Old houses which retain their original wood windows are fortunate; with a little TLC these windows can stay functional and outlast any vinyl product on the market today. Replacing frayed or broken window sash cord is not very difficult, but it does sometimes require a little bit of patience. I’m in the process of gutting a bathroom at the project house, so decided to take this opportunity to re-rope the only window in the small room. All lower sashes throughout the house will eventually have their sash cords replaced. It’s usually a dusty process – even more so when the house has been long vacant.
As I was nearing the end of the procedure, an ominous storm cloud appeared on the horizon. Because the project house is accessed by dirt and gravel roads which turn to mush in rain, everyone at the site bailed as the storm approached – no one wanted to be stuck there overnight! I got home early today and decided to blog about the window, but will have to wait for another day to finish up the procedure in Part Two. But for now, let’s get started on the first part:
The sash cord on this window had obviously broken long ago; an innovative notched board has since been utilized to hold the lower sash up. Multiple notches allow for a variety of sash heights. The sash-holder appears to have been someone’s school shop project long ago. Dried adhesive clings to the surrounding plaster after removal of wall paneling. The sill is literally covered with dead boxelder bugs.
Dead bugs and dirt are removed. Because the builder of this house was not thoughtful enough to provide access to the weight pockets in the jamb, it will be necessary to remove the window casing and retrieve the weights from the wall. The casings were coming off anyway (as the room will be insulated prior to the installation of sheetrock) but will be cleaned and re-installed later.
When you’re lucky, there will be a small panel in the sash track – usually held fast with one paint-encrusted screw – to allow access to the weight pocket. No such luck in this house!
In this case, the builder covered the sash pockets with pieces of beadboard (which were later partially covered when the top coat of plaster was applied).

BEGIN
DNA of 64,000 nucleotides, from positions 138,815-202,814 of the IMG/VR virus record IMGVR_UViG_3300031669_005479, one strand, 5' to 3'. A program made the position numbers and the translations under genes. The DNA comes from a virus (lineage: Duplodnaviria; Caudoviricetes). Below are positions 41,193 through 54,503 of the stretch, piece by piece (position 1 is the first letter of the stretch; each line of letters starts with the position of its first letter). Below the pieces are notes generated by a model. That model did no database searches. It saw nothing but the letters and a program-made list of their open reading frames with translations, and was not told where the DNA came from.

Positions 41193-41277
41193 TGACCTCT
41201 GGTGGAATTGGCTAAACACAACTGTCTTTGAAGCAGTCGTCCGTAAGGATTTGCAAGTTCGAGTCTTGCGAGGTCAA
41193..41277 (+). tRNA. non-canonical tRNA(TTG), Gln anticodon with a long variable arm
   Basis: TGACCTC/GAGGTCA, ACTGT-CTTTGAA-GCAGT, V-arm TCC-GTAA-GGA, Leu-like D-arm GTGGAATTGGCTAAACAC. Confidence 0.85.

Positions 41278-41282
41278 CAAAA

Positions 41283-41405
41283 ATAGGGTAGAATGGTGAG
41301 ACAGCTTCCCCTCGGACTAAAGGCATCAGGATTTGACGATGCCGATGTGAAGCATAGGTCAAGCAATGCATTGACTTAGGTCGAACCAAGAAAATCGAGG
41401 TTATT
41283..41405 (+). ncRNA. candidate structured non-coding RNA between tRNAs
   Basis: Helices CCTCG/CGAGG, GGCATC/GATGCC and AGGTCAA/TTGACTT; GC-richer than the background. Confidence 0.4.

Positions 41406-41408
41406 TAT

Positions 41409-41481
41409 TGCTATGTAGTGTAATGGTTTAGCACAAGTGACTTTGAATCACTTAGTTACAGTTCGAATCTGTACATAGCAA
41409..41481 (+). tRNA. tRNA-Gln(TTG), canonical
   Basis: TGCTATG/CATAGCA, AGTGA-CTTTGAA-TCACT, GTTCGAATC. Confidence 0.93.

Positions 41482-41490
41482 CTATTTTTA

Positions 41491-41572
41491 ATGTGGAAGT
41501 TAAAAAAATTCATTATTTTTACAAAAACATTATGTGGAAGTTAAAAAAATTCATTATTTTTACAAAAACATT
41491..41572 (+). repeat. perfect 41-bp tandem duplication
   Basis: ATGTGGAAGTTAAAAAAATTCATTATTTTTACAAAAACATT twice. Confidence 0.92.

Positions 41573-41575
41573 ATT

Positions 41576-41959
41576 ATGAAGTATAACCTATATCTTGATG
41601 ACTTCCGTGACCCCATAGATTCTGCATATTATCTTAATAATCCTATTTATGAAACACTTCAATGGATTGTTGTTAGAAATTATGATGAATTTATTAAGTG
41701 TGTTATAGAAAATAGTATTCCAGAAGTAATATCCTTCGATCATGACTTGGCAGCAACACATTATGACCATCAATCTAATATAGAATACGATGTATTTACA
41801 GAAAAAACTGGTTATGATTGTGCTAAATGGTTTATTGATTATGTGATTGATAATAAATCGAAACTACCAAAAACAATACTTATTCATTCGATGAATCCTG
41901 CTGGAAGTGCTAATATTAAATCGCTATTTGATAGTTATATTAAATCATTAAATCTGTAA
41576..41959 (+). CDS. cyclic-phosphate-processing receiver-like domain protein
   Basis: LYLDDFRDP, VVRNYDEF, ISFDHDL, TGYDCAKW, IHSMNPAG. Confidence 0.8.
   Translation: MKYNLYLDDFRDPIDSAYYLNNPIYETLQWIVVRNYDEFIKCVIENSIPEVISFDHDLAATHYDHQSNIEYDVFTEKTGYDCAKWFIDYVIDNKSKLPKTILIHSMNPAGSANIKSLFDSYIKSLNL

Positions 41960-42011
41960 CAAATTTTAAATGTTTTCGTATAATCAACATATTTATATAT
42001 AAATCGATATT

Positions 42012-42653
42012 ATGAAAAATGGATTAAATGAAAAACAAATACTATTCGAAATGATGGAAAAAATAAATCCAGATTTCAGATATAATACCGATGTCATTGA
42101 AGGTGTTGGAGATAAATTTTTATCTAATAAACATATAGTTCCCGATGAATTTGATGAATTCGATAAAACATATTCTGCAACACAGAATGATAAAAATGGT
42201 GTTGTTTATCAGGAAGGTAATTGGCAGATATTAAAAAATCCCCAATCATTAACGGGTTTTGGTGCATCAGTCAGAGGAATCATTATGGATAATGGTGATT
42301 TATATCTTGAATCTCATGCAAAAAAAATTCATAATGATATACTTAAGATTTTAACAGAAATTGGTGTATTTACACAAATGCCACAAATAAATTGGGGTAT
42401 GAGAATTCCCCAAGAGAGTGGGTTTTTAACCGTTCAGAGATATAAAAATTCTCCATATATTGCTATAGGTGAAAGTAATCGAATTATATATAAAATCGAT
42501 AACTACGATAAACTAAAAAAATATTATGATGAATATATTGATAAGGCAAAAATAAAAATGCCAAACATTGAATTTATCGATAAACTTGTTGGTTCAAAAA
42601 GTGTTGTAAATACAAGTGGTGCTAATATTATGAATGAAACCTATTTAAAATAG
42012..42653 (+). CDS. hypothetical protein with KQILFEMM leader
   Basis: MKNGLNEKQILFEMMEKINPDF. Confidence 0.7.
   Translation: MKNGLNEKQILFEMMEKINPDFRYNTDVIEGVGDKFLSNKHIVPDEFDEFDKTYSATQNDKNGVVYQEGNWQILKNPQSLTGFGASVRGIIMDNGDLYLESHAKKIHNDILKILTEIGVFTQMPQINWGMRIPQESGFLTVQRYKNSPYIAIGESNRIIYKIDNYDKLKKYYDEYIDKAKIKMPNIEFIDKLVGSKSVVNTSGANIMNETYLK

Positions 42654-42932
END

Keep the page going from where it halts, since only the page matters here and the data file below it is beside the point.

I remove the window stool and piece of beadboard covering the sash weight pocket.
Lovely. More dead bugs and dirt. The Roman numeral III seen on the sash weight tells us that this is a three-pounder. Since there is an identical weight on each side of the sash, we can ascertain that the window sash itself weighs six pounds.
The weight pocket is cleaned and vacuumed. The sash weight for the top sash still hangs in place. Its ropes were not broken – likely because people seldom operate a window’s top sash.
I remove the frayed rope from the fallen weight. It was not tied in a knot to secure the weight as I am accustomed to, but fastened with this rather sadistic-looking ring. Apparently it is known as a “sash cord fastener”.
Here’s the fastener as it appeared in the Rehm Hardware Company’s 1917 catalog. The illustration shows it being crimped with a hammer – a step the builder of this house seems to have ignored. Apparently it worked just fine without the crimp! Image courtesy of archive.org
Now it’s time to attach the new cord to the sash. Here’s the old and frayed cord still in place. For replacement I’m using Koch 5600825 Braided Cotton/Poly Sash Cord which is not as thick as the original, but has the same appearance. It also has a nylon core which will hopefully help it last longer. I guesstimate the length needed for each side by measuring the height of the entire window, adding the length of the groove on each side of the sash, and then adding an extra foot for knots and Murphy’s Law.
I tie a knot in the end of the new rope…
And force it into the hole provided with a screwdriver. Thankfully, it is a tight fit; it will stay secure.
This is where I got interrupted by the storm, but I will finish this post soon in Part Two!